How diamonds became an everyday trend

Illustration by Luis Grañena
Updated 24 September 2018
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How diamonds became an everyday trend

“North Riyadh will be the place to be,” declares Selim Chidiac, chief executive officer of L’azurde, Saudi Arabia’s biggest jewelry company and a glitzy reminder that the Kingdom has brands of its own to rival the global icons of the luxury business.

Chidiac was talking of the sudden boom in the Saudi retail business that is seeing malls open at an unprecedented rate. “There are so many new malls going up, like Riyadh Park and others. The prospects for the next 18 months are very exciting and dramatic,” he said.

Most of L’azurde’s shops in the Kingdom are in malls, with only a small number on the street or in souks, so the retail and leisure boom — sparked by the decree to allow women to drive and the re-opening of the Kingdom’s cinemas after a 35-year hiatus — is a direct boost to the L’azurde business.

But that does not mean Chidiac can just sit back and watch the business come rolling in. Despite the retail boom, the underlying economy is still suffering from the aftermath of the period of austerity ushered in by the collapse in oil prices in 2014.

“The consumer background in Saudi Arabia is still challenging. There have been lots of changes in the Kingdom, such as the removal of subsidies and perhaps some geopolitical concerns. But ultimately, what has been happening is very positive for the economy. Raising salaries and empowering women are good developments, and they will pay off in the medium and long term,” Chidiac said.

The influence of the regional macro-economy was shown in L’azurde’s recent financial figures for the second quarter of 2018. A overall rise of 13 percent in revenues masked a decline in Saudi revenues, compensated by a leap in the company’s important Egyptian business.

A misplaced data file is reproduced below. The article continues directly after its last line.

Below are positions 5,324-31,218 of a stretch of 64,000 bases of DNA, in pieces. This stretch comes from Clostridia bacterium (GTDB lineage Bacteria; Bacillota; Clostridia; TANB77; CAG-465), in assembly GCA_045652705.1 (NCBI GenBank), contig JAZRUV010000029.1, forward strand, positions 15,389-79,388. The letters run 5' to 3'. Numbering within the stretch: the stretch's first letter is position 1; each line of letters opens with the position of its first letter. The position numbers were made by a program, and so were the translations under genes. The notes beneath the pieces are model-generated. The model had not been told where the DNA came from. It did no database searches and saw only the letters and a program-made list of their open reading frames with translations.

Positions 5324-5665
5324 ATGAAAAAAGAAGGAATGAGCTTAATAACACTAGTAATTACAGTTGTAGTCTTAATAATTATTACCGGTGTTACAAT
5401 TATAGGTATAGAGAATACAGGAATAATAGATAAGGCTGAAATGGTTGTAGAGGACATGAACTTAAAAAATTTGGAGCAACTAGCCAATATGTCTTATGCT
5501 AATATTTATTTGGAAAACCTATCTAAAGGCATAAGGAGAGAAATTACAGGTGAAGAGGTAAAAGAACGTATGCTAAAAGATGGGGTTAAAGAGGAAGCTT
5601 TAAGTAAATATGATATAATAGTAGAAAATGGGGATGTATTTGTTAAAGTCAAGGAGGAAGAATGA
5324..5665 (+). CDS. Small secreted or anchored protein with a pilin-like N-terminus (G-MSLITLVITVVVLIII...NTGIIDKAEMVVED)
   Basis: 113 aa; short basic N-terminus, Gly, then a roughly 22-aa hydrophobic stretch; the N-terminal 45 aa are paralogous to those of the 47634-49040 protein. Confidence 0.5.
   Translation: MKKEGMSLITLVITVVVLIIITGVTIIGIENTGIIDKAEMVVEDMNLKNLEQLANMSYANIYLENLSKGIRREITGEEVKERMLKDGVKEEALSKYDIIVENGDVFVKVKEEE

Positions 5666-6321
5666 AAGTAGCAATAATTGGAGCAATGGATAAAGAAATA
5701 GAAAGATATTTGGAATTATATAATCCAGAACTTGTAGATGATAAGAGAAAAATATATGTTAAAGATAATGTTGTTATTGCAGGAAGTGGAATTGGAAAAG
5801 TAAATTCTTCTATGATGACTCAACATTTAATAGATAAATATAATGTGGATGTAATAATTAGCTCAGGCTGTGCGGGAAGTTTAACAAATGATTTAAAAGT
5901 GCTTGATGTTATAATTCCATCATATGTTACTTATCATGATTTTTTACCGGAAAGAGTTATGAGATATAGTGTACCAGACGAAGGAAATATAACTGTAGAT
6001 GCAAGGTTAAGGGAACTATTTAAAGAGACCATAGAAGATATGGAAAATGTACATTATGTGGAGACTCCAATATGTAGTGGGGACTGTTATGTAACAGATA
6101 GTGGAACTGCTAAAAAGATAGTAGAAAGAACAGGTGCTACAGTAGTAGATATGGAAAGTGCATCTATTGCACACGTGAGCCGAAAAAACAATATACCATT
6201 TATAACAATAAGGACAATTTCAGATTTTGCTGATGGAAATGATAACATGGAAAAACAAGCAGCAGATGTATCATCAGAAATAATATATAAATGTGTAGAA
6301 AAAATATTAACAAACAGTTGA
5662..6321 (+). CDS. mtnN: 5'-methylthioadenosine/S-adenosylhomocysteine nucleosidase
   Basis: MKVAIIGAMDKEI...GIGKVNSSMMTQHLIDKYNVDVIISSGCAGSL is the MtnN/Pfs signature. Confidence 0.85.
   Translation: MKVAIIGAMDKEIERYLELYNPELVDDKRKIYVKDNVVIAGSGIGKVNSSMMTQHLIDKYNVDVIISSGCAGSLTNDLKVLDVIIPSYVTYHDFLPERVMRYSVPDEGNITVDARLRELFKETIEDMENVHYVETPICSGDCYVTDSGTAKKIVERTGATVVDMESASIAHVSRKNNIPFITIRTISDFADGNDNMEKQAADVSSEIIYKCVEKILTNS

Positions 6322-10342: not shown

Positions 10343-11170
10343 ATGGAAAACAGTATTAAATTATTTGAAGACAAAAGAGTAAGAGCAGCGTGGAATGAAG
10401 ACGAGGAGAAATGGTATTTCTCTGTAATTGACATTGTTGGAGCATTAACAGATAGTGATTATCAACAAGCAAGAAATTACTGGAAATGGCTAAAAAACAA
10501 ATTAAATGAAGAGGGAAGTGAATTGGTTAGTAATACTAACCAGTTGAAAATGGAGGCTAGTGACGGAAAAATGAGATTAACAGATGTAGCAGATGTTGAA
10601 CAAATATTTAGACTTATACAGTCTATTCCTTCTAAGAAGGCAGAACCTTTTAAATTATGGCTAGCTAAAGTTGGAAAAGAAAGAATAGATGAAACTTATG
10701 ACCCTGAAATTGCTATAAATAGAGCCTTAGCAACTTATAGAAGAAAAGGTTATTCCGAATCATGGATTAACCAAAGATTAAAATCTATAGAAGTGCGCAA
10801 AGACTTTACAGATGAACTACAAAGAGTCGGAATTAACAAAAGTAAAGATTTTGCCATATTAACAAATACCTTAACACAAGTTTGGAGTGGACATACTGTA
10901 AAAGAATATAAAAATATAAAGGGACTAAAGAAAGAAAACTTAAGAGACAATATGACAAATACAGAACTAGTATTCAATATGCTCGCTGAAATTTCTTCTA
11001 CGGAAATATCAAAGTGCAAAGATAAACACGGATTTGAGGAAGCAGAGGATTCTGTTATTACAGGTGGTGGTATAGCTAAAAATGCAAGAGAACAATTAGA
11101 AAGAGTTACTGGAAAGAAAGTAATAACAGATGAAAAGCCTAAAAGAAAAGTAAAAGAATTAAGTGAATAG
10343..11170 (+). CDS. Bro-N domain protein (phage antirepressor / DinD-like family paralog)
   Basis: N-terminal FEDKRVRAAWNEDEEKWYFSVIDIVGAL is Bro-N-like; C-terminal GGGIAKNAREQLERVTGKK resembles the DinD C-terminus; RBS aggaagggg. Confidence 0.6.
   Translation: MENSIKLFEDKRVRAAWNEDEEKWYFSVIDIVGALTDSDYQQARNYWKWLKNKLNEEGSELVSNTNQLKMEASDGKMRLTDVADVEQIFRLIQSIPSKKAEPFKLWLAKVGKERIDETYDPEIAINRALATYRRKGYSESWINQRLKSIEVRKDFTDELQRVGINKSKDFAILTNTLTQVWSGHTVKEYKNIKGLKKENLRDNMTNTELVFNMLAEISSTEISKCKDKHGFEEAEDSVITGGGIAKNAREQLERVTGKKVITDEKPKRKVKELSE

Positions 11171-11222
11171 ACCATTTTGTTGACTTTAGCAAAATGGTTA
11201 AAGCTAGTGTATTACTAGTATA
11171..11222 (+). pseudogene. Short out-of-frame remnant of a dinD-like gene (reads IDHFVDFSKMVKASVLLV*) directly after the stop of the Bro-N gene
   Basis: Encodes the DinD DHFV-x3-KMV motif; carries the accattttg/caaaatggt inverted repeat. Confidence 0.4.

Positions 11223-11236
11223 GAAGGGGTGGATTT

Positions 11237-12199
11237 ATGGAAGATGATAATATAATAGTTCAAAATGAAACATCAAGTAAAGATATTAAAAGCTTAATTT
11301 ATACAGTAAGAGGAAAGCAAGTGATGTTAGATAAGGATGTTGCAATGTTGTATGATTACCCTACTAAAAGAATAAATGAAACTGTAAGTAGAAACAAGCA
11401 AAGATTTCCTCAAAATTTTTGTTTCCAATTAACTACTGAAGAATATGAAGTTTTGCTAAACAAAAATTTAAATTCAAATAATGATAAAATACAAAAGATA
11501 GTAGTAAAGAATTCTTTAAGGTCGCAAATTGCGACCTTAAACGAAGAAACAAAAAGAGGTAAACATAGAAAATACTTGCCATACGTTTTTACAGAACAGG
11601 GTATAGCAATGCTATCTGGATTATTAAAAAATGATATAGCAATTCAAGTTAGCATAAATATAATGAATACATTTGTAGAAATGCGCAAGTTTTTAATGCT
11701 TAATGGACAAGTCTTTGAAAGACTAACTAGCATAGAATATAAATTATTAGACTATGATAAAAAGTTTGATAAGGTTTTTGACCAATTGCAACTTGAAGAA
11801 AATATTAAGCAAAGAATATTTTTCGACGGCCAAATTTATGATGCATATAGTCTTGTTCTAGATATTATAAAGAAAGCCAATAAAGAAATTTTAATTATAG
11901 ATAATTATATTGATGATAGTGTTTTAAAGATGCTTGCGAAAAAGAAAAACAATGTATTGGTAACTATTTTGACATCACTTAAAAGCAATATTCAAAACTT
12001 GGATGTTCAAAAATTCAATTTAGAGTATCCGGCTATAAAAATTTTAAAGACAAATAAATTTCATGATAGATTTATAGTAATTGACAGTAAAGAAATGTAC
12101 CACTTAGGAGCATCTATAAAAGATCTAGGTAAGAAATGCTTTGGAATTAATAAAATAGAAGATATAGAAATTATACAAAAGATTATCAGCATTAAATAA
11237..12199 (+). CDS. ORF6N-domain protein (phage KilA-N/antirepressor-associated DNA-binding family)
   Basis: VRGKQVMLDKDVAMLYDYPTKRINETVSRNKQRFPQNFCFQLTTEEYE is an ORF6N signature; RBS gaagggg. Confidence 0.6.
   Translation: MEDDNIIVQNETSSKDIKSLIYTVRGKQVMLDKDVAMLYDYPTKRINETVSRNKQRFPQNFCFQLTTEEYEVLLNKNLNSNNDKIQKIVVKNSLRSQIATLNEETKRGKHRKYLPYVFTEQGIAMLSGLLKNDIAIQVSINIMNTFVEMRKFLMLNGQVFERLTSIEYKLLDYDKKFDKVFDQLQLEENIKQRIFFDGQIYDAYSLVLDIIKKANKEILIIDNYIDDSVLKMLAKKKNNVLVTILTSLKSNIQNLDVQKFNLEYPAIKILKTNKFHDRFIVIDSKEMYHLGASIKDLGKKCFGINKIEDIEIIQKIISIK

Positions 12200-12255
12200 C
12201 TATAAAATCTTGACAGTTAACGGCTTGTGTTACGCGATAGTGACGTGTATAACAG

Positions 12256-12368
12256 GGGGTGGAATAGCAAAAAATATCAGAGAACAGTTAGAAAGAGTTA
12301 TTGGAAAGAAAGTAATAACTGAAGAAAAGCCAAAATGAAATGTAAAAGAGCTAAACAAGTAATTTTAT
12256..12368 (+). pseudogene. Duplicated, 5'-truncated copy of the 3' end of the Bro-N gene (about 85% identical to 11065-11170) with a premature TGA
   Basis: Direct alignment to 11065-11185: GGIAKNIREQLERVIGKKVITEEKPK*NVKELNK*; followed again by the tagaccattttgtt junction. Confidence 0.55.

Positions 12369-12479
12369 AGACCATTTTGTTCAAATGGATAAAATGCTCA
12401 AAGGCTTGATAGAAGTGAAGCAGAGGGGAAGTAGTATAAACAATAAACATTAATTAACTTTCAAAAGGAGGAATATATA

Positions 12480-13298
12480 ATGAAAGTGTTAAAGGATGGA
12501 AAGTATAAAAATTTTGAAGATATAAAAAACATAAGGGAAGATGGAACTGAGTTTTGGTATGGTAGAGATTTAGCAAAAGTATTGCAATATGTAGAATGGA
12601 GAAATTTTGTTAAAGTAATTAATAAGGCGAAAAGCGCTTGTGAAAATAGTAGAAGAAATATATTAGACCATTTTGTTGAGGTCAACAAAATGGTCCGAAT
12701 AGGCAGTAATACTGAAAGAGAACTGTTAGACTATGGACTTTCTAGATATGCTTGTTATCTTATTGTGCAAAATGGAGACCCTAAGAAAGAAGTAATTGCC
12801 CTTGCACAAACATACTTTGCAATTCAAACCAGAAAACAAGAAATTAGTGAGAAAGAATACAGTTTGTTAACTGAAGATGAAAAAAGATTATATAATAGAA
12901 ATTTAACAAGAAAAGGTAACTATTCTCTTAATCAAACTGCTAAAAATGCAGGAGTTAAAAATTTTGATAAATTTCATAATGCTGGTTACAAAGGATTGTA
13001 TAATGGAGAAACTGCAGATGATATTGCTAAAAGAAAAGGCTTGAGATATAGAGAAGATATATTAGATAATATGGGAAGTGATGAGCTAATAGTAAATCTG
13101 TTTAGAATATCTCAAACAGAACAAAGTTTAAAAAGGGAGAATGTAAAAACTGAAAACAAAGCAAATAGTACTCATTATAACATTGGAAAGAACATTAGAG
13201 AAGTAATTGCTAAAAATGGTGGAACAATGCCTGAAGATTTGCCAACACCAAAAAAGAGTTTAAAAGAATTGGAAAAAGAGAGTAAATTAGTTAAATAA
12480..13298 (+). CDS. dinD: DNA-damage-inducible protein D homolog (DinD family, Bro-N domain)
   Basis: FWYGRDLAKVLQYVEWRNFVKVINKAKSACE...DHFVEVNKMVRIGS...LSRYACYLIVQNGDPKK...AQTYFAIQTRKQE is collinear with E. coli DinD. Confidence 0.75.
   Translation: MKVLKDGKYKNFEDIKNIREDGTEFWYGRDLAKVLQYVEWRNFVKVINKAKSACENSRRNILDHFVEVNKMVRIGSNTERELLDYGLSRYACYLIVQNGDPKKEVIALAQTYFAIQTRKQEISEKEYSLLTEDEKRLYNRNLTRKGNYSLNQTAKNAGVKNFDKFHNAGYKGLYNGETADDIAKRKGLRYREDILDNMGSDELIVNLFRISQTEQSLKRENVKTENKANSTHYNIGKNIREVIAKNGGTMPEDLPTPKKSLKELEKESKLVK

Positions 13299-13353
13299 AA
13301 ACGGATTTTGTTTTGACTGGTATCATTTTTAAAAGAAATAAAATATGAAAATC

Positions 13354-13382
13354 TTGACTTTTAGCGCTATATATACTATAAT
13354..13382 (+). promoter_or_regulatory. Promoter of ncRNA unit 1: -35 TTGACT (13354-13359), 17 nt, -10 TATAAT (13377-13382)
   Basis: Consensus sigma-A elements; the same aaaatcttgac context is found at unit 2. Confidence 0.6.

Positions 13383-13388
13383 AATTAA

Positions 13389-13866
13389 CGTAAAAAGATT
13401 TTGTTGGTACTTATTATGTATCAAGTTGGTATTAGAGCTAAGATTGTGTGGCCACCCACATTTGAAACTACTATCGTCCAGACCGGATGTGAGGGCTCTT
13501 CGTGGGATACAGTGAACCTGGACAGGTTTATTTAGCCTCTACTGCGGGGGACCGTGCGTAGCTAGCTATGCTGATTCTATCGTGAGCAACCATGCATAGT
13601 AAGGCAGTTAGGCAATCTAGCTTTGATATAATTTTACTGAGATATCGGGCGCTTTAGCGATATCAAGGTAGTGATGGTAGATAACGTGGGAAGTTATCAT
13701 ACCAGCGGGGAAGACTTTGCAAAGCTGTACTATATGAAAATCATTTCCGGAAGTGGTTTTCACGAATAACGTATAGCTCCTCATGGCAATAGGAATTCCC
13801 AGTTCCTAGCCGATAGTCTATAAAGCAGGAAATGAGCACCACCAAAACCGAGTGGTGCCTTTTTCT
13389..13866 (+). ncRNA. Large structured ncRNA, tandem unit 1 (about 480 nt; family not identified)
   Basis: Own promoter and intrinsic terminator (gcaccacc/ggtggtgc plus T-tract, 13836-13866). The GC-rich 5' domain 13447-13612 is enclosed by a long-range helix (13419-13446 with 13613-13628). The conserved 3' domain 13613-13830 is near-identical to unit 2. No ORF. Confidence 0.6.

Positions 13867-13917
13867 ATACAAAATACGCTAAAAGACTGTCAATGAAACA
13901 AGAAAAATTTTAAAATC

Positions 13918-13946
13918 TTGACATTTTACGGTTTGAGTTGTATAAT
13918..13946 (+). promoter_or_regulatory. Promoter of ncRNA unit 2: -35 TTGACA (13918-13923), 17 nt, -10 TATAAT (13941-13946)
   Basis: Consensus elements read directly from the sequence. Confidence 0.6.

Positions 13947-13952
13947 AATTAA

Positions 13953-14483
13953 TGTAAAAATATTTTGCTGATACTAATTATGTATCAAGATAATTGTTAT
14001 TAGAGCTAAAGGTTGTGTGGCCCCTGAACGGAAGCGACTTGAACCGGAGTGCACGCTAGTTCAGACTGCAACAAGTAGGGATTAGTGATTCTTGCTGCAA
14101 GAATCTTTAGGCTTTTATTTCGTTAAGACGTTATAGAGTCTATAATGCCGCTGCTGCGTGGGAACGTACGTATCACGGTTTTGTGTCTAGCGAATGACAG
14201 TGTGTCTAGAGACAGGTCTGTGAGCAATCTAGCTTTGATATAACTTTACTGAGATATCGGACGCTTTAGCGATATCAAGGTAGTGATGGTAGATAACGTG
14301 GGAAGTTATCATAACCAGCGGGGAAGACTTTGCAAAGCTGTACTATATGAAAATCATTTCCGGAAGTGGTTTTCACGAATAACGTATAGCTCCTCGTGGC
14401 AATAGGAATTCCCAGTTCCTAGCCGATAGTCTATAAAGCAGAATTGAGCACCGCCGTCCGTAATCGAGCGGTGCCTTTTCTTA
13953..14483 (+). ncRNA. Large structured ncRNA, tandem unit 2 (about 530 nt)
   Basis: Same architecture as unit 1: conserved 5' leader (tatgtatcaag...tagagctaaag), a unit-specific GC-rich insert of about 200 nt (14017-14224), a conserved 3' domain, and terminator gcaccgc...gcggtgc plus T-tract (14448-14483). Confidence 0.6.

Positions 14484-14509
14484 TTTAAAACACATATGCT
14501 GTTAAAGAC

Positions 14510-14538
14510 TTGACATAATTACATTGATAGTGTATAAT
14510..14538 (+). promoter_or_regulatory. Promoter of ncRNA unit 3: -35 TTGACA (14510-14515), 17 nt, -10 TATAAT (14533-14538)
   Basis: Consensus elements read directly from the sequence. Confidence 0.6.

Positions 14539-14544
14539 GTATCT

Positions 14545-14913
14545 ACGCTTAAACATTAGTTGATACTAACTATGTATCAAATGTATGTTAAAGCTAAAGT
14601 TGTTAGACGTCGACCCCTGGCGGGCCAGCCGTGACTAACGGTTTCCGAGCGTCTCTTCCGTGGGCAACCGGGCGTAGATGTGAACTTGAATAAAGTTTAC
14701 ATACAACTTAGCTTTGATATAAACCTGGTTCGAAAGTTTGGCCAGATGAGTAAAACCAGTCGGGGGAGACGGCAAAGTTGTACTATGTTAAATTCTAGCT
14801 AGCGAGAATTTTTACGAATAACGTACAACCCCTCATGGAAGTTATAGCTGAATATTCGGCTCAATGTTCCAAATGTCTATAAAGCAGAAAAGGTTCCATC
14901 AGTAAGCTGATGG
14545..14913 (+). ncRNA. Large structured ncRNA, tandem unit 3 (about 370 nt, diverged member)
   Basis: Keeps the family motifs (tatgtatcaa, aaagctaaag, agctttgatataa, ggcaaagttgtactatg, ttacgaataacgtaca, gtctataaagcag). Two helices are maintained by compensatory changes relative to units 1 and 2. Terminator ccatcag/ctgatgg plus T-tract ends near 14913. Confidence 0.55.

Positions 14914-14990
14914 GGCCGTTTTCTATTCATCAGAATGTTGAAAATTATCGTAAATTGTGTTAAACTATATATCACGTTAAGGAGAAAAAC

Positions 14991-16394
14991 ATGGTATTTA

“Most of the growth came from Egypt. Saudi Arabia was actually 10 percent down, but the comparison is not entirely indicative — the same period last year was very big, boosted by the resumption of government spending and the Ramadan period,” he explained.

Chidiac is full of praise for the strength of the Egyptian division of the business, which has three factories, 12 shops and 1,200 employees. “Egypt has been a great story. We’ve been there for 20 years and it has seldom looked so strong before. Consumer spending is high and the stock market is strong,” he said.

“The government reforms of a couple of years ago and the IMF deal benefited the economy and stabilized the currency, which has made our exports easier. Better security enabled tourism again, and also helped attract foreign direct investment. There is now a growing middle class in the country with greater spending power,” he added.

The situation in Saudi Arabia is more complicated, but in the long term Chidiac thinks the country is in for a period of expansion.

“Saudi consumers are getting behind the reform program of Mohammed bin Salman, the crown prince. The economic situation is improving. For a while people have been going into shops to look around and ask about products, but slowly they are beginning to spend too.

“The empowerment of women is beginning to be felt. They are more mobile, and actively seeking jobs now. It is too early to judge the impact of allowing women to drive. It is only a few months now since the ban was lifted. But long term it has to be a good thing for the consumer economy,” he said.

The jewelry tastes of Saudi women — overwhelmingly L’azurde’s target customer — are changing subtly. The move is towards more affordable everyday pieces, such as the “Dream collection” — designed by Al-Anoud Badr, the founder of the fashion brand Lady Fozaza — which aimed to have a trendy edge.

“The Dream collection is our most popular line at the moment. They are the fastest-selling items for daily wear, ranging in price from 1,500 ($400) to 5,000 riyals,” Chidiac said.

More traditional lines are still a big feature, however. “Still our bestselling and most profitable pieces are wedding sets — complete ranges of necklaces, pendants, earrings rings. We had a very good Ramadan for these items. These can range from 15,000 to 100,000 riyals, but we’ve sold customized sets for as much as 1 million riyals,” he said.

The global trend toward more affordable everyday jewelry was the spur for the purchase of the Tous chain of jewelry stores, the most significant corporate development at L’azurde since the 2016 initial public offering (IPO).